This month, we spoke with Catherine Keller Van Ness, a graduate of our Dance Department who combines her dance experience with passion for international service in her work with JUNTOS Collective. Now in her fourth year as Program Director, Catherine took time out of her busy schedule to chat about her career and memories of Walnut Hill.
What brought you to Walnut Hill originally, and what was your experience like as a dance student here? Do you have a favorite memory from those years?
I was just five years old when I first stepped into a dance studio at Walnut Hill. I was fortunate to be growing up in Natick, so when my parents wanted to try out dance classes as an extracurricular activity, I had a top-rate option right in my hometown! In terms of choosing Walnut Hill as my high school, I already knew that the dance program was of a really high caliber, and I was looking for challenging academics but in a setting that would complement my commitment to my art. In public school, I had always felt like my academic and artistic studies were at odds with each other, so I was really pleased to find out about the academic schedule at Walnut Hill.
My favorite memories from my years at Walnut Hill come from the bonding during long rehearsals, especially Saturday mornings for the party scene of The Nutcracker.
Catch us up on the years since you graduated—what did you do after Walnut Hill, and how did that lead you to the career you have now?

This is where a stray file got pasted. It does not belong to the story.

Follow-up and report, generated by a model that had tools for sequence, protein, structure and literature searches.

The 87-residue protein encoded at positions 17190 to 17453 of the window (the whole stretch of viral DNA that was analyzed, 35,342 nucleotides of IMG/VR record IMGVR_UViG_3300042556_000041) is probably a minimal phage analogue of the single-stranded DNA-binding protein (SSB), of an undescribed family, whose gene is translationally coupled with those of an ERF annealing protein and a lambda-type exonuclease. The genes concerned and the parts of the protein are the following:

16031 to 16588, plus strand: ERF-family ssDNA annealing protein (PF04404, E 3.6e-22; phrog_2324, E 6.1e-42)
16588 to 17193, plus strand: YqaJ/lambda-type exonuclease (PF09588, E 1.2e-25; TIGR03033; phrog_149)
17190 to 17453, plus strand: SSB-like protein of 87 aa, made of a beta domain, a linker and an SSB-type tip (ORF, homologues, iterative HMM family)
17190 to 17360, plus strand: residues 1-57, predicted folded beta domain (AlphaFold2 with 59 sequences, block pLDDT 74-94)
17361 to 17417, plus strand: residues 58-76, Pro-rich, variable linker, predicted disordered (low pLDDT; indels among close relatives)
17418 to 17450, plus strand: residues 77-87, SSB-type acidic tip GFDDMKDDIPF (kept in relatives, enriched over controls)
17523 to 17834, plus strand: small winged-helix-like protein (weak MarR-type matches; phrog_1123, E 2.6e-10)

After graduating from Walnut Hill, I completed the B.F.A. dance program at the Alvin Ailey School and Fordham University in New York City. Fordham is a Jesuit university, which meant that I was surrounded by opportunities to volunteer and the tenets of social justice work. Something that has stuck with me over the years is the principle of homines pro aliis, men and women for and with others. This combination of professional dance and community service was the perfect incubator for JUNTOS Collective, an international nonprofit using dance to build confidence and transcend barriers.
Throughout college, I traveled with JUNTOS to underresourced communities in Guatemala and Nicaragua to teach and perform contemporary dance in a setting that most certainly was not a proscenium stage. As I witnessed firsthand the power of communicating through dance with people who did not have ready access to the arts, I fell in love with dance all over again. After college, I wanted to help expand the offerings of the organization, so I worked with our Director to create a new leadership program for students, JUNTOSAmbassador. Making the jump from participant to administrator wasn't smooth at first, but I was excited to learn more about the behind-the-scenes working of a young nonprofit. This is now my fourth year as Program Director, and I have worked with nearly 20 young leaders, guiding them through the process of proposing and building their own arts-based social justice projects.
Do you have any advice or words of wisdom for our newest alumni who are just entering the world?
Grab opportunities to try new things, especially using your art in new ways. The work ethic that we gain through intense artistic study is so useful to carry with us, and sometimes that translates to a narrow focus on the potential our talents hold for the future. You'll never know how powerful your art is until you get off the stage and out from behind your easel and look someone else in the eyes as you share that innermost part of yourself with them.
Sometimes you also have to let your passion drive you in the direction you should be going. Whether it's a small injustice you witness or a personal passion project, follow your drive and you will be rewarded every day, even on the hardest days, by going to bed fulfilled by your work.